So much. I’ve been lucky enough to have been exposed to so many different sides of the business; it’s really been a thorough education. I’ve gotten the chance to take on many things that I don’t think I’d ever have gotten the opportunity to do at another company. I came in as an analyst, but have been given responsibility for everything from PR to project management at various times – I love learning the ins and outs of new things, and how to optimize different programs. I’ve also learned that I can have a viable, successful career without compromising something about myself.

An uncommon fact about me…
I am constantly replacing my bones with metal. I have metal rods in one arm and one leg, because of soccer injuries. I’m hoping that thousands of years from now, when alien archeologists unearth my skeleton, they’ll point to me as the missing link between organic humans and the cyborg overlords that subsequently took over the earth.

Would you rather… go without music for a year, or go without travel for a year?
I couldn’t go without music. I mean, how do people get anything done without Ke$ha blasting over their headphones on repeat? Music is an everyday thing, travel is a treat.

Maker Stories

Inside the Artist’s Studio with Richard Upchurch

March 12, 2015

Richard Upchurch | UncommonGoods

As UncommonGoods photographer Emily and I made our way to visit Richard Upchurch’s studio, our cab driver quizzed us on some of the local neighborhood acronyms. “Do you know what Tribeca stands for?” he stared at us in his rear-view mirror. “Triangle below Canal Street,” we laughed. “What about Dumbo?” “Down under the Manhattan Bridge Overpass.” we said in unison. “Do you know why this neighborhood is called Red Hook?” he mused as we turned down a one-way street lined with rugged facades. We were stumped. “Because of all these brick buildings?” I guessed. “I don’t think so!” he teased. “But seriously, I’m not sure. Do you know?” he peered back in the mirror.

Out of guesses, I stared out the window at the jumble of modern and old-fashioned storefronts. With its scattered cobblestone streets and uncanny industrial vibe (a holdover from when it was a busy shipping center), I felt like I was back in my old Pittsburgh neighborhood. That is, until I saw the beautiful view of New York Bay and the Statue of Liberty directly across from the studio’s dome shaped doors.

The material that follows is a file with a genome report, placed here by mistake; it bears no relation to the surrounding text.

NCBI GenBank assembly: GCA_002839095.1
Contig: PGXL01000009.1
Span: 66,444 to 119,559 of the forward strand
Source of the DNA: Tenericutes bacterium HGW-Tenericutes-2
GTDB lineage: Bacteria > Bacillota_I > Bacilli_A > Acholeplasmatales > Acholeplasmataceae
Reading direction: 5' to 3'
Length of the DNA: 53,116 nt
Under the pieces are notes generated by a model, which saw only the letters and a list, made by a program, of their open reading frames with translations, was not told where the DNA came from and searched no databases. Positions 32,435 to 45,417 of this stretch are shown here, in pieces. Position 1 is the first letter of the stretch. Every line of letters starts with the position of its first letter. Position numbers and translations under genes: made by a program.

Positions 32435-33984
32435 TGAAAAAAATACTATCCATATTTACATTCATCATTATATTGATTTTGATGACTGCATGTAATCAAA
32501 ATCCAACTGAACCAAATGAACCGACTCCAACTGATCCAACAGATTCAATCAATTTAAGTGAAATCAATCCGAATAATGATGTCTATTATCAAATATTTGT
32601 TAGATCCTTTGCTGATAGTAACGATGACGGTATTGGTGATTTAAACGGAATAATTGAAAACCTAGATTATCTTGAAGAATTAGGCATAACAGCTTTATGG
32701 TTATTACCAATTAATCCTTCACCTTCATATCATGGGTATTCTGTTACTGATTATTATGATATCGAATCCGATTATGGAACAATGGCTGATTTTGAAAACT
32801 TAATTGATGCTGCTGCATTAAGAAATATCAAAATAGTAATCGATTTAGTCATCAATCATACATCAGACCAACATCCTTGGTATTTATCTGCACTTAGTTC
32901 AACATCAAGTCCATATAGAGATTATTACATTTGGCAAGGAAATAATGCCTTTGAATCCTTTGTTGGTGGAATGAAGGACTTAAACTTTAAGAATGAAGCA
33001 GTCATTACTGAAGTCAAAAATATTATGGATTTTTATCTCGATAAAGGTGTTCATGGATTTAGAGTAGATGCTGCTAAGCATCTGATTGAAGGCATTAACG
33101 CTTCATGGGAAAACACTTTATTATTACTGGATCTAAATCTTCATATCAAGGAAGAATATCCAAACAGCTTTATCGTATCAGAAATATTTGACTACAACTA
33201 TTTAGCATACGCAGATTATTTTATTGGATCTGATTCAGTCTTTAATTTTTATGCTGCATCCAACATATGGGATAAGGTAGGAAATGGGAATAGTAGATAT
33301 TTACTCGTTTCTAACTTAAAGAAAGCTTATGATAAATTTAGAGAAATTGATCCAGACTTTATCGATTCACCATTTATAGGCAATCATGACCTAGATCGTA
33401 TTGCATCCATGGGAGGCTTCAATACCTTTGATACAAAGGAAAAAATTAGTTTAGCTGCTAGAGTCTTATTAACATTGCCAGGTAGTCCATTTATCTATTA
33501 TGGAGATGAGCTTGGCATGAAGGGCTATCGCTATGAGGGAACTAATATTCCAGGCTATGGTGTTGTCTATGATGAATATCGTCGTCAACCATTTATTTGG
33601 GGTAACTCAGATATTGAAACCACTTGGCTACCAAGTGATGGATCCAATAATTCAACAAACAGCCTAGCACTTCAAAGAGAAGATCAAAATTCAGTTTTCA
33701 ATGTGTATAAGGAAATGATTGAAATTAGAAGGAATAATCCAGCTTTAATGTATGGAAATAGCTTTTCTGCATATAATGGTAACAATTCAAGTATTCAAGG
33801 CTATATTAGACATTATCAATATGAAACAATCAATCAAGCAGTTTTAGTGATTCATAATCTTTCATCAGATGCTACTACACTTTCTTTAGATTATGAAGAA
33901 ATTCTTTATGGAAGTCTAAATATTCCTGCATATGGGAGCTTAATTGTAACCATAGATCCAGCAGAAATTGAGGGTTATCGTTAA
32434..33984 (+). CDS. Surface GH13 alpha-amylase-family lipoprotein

Richard Upchurch | UncommonGoods

Richard introduced himself with a comforting flair of southern hospitality. As soon as he learned about Emily’s Georgia roots, he started describing his favorite Georgia venues where he had previously performed as a touring musician, setting the stage for an afternoon with one of the best storytellers either of us had met in a long time. He walked us around his studio and described how Lil’ MibZoots, and Loopy Lou grew from blocks of wood into sound recording gadgets. He related the first days of his business brandnewnoise, and how it’s grown to become an influential internship provider for inner-city students. He gave us the inside scoop behind the bright green frog in the center of his workstation. (A project that involved a crazy collaboration with Wayne Coyne from The Flaming Lips!) We pointed to his old wooden thumb piano, among other oddities, and he elaborated with charming, sentimental tales. He pointed toward his favorite barbecue joint across the street, distinguishing all of the clandestine spots that make Red Hook so special. With each new story, he built the kind of environment that made us want to settle into rocking chairs, crack open beers, and chat about life. After meeting Richard, I am not surprised that he decided to set up shop in a neighborhood that’s so full of history, character, and unexpected treasures.

Whether you’re looking for creative inspiration, or just hoping to get a sneak peek into an artist’s everyday life, you’re in good company. Pull up your favorite chair, sit back, and enjoy our tour of Richard’s Brooklyn Studio.